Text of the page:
Sizewell B blaze 'no risk to public'
A SENIOR firefighter has sought to reassure the public over the scale of a fire at Sizewell B nuclear power station.About 50 firefighters were at the scene for seven hours after fire broke out in a charcoal filter on Friday night.
A SENIOR firefighter has sought to reassure the public over the scale of a fire at Sizewell B nuclear power station.
About 50 firefighters were at the scene for seven hours after fire broke out in a charcoal filter on Friday night.
But Kevin Burton, an area manager for Suffolk Fire and Rescue Service who was in charge of crews at the incident, said their presence was mainly precautionary and that the eat generated by the small blaze was less than that of lit a cigarette.
The fire began just before 8.45pm in a cabinet measuring around 10 cubic metres - a duct system which had not been used for about 18 months.
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The heavy steel construction had a door on either side with a filter containing fresh charcoal taking up about a third of the space inside the cabinet.
In the air flow, there was a heater to ensure no moisture got into the charcoal.
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It is believed a component of the heater was faulty, causing it to malfunction and the charcoal to burn.
A little flame was seen coming from the filter as it began smouldering.
Around 45 firefighters were sent to the power station, including retained crews from the surrounding areas.
However, Mr Burton said the incident was dealt with by two crews employed at Sizewell B.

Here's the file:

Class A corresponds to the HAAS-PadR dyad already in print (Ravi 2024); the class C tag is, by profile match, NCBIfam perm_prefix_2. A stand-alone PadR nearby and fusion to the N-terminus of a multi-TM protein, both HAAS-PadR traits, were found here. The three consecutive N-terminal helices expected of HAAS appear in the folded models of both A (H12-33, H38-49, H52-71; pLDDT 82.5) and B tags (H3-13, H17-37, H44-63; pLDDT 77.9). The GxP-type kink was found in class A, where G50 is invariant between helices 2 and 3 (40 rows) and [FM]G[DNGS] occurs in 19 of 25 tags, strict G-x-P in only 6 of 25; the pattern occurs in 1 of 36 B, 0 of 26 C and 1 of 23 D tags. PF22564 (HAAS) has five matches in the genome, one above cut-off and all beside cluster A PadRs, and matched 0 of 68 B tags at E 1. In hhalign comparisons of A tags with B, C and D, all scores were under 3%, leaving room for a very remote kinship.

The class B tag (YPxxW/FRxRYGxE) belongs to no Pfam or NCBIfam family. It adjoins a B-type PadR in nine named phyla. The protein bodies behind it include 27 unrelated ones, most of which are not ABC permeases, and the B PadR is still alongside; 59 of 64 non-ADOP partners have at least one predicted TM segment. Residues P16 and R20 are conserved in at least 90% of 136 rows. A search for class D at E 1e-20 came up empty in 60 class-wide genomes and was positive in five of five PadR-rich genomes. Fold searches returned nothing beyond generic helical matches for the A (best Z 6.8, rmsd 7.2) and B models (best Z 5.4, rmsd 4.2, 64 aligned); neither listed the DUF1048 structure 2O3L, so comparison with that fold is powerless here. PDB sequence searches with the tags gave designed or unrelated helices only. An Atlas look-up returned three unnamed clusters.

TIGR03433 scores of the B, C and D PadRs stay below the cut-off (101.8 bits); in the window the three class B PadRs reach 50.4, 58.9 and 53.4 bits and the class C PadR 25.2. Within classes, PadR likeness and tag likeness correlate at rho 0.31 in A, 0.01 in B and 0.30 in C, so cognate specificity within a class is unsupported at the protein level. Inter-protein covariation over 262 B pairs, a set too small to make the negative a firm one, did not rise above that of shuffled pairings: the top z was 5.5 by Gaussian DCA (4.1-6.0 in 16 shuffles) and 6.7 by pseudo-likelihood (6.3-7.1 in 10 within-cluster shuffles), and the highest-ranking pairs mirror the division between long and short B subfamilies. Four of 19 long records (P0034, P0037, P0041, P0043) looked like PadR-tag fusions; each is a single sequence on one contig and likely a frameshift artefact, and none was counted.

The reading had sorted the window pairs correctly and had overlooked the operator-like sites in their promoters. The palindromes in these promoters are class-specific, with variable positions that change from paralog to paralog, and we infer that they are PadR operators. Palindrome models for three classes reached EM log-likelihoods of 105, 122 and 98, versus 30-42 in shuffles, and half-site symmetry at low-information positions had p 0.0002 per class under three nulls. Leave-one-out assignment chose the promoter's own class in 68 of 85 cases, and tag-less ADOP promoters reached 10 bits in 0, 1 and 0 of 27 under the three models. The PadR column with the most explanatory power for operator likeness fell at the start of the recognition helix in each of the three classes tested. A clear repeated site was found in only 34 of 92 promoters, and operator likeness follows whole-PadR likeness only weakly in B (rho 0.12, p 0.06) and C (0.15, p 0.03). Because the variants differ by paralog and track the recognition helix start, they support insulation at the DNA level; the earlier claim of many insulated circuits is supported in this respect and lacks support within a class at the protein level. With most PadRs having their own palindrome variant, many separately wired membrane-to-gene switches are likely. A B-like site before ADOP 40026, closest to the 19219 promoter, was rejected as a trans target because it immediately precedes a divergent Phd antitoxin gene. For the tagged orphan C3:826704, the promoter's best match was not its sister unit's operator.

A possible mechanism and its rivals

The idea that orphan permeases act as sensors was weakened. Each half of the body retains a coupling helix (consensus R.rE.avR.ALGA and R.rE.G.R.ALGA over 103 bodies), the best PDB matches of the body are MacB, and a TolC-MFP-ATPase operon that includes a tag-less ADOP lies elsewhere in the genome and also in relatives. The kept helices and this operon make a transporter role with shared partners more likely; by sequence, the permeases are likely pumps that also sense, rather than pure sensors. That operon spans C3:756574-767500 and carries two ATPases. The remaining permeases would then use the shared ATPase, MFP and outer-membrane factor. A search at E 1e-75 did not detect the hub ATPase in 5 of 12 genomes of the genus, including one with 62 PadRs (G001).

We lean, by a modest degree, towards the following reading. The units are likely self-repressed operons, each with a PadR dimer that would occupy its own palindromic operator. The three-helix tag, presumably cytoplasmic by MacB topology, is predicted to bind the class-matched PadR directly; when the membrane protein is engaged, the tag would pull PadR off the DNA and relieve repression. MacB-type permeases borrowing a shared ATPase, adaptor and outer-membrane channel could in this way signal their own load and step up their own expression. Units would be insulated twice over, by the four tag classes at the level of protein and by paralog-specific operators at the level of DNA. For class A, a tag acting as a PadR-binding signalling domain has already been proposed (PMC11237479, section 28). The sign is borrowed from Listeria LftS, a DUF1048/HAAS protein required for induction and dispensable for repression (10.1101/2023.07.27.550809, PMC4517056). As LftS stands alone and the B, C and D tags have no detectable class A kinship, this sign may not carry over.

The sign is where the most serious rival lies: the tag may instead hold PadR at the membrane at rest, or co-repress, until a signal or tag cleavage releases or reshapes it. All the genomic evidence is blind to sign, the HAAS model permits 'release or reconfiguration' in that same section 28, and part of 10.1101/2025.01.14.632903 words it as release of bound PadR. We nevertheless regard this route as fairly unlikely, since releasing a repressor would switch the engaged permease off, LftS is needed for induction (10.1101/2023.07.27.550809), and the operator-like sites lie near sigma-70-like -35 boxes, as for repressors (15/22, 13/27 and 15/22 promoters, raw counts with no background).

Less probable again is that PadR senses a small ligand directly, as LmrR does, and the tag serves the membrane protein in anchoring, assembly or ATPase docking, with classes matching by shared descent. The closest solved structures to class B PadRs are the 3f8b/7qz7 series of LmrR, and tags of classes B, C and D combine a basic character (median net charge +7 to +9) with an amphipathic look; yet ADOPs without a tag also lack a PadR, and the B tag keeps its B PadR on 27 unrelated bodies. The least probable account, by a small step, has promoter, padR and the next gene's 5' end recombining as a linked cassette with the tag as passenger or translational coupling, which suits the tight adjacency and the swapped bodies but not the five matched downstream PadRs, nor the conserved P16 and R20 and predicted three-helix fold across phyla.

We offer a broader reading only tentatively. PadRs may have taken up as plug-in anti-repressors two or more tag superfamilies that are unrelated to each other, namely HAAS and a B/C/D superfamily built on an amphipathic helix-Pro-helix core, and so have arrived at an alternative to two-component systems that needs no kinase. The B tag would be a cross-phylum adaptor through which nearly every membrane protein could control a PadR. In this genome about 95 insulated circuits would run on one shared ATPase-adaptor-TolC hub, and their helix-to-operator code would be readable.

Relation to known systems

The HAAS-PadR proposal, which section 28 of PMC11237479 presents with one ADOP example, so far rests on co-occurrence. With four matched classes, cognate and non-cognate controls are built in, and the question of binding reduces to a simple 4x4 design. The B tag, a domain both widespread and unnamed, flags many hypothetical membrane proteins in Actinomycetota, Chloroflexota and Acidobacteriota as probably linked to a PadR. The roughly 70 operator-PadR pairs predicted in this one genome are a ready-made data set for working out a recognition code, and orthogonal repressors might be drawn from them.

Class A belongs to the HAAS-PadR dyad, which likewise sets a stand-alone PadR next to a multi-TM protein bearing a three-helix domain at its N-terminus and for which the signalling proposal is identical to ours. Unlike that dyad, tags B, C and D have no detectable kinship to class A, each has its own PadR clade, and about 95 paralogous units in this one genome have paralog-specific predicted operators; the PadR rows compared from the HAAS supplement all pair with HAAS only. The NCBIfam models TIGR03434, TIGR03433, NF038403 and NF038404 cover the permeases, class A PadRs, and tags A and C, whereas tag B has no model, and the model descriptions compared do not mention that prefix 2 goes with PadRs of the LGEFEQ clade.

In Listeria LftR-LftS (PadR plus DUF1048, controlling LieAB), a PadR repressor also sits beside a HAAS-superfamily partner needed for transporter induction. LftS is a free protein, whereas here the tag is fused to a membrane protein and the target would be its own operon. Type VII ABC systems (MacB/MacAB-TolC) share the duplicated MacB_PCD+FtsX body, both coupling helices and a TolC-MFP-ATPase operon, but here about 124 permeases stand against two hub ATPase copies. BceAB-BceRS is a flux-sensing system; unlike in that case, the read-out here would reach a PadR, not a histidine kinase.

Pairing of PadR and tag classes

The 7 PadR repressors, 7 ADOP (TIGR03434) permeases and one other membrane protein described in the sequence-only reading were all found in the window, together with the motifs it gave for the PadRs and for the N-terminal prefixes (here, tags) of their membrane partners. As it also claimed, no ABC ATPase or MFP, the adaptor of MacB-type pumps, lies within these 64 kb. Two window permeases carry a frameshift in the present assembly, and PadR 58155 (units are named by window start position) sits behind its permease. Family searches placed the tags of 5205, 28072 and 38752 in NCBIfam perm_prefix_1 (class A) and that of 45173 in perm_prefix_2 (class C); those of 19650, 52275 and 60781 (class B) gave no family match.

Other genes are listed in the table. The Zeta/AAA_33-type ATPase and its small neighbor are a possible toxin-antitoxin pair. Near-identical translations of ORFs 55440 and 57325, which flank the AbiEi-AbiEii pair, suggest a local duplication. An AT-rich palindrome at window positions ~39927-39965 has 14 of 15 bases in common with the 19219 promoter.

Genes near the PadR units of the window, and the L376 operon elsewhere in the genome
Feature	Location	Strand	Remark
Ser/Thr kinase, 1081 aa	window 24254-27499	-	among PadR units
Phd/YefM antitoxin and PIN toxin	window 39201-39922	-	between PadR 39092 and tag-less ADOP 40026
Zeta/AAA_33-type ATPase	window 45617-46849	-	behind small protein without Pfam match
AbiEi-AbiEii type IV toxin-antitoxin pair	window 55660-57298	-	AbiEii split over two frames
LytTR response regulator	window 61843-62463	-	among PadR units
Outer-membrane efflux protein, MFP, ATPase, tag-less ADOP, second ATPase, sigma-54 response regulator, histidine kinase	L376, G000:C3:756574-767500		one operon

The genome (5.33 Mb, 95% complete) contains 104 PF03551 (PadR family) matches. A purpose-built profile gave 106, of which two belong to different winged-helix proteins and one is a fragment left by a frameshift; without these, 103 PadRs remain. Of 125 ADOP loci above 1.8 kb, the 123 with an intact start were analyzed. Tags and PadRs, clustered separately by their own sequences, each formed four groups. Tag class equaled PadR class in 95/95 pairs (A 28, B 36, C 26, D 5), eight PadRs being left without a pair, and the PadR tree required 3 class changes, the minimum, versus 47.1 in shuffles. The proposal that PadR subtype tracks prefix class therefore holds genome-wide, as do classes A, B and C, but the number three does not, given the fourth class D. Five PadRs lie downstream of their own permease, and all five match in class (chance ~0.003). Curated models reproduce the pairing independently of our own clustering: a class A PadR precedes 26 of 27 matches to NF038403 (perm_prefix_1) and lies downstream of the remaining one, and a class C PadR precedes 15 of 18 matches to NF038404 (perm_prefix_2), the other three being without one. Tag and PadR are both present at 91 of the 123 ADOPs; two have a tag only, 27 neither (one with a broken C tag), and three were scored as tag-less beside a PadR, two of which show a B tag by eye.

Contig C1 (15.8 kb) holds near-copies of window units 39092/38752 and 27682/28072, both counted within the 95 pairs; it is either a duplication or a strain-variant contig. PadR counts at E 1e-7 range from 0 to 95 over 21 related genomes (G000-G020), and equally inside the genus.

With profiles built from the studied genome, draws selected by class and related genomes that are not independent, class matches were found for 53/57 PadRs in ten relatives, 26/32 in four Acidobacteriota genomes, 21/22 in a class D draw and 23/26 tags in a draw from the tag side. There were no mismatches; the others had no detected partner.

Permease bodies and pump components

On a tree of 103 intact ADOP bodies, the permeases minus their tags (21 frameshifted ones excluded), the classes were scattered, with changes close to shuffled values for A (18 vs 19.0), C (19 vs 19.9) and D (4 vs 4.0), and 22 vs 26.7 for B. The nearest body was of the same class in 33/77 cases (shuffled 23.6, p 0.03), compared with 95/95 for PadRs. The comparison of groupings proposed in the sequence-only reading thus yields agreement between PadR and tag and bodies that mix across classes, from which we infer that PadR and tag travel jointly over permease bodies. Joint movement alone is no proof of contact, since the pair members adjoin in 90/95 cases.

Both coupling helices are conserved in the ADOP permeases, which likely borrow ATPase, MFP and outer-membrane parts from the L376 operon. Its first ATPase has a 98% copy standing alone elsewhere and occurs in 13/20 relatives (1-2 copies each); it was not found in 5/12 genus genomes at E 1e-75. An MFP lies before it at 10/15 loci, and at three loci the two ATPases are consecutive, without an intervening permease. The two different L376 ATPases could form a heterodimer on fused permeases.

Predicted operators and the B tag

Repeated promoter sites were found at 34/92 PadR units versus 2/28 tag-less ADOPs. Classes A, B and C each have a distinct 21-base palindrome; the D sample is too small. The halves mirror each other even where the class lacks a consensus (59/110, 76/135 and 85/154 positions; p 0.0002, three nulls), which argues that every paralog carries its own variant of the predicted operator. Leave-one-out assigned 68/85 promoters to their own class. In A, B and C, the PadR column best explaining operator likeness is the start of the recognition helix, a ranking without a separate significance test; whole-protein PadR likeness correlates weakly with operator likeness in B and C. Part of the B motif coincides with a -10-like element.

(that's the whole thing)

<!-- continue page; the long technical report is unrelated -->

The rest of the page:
Water was put through pipes to extinguish the blaze, but initially it did not seem to make any difference.
Mr Burton said thermal imaging cameras were used to check on the heat and the temperature of the fire was just above 200C. This can be put in perspective by the fact that a lit cigarette burned at 300C, he added.
The effort to put the fire out and cool down the charcoal was hampered as engineers were needed to clamp the cabinet doors shut as the water was pumped in.
Mr Burton said: 'The crews that were carrying out the work were from Sizewell. Our role was providing advice, support and direction for what they were doing.'
One of the first officers on the scene had taken the precaution of calling in more firefighters in case the incident spread.
He said: 'If the fire had got outside the cabinet and duct work, then we could have be dealing with a bigger incident. However, it was only a small fire and not a fast burning one. There was no radioactive material involved whatsoever.'
Jim Crawford, Sizewell B's station director said: 'At no time was there any risk to the public.'
Sizewell B has been shut since the end of March and is not expected to be in operation again until the third quarter of 2010.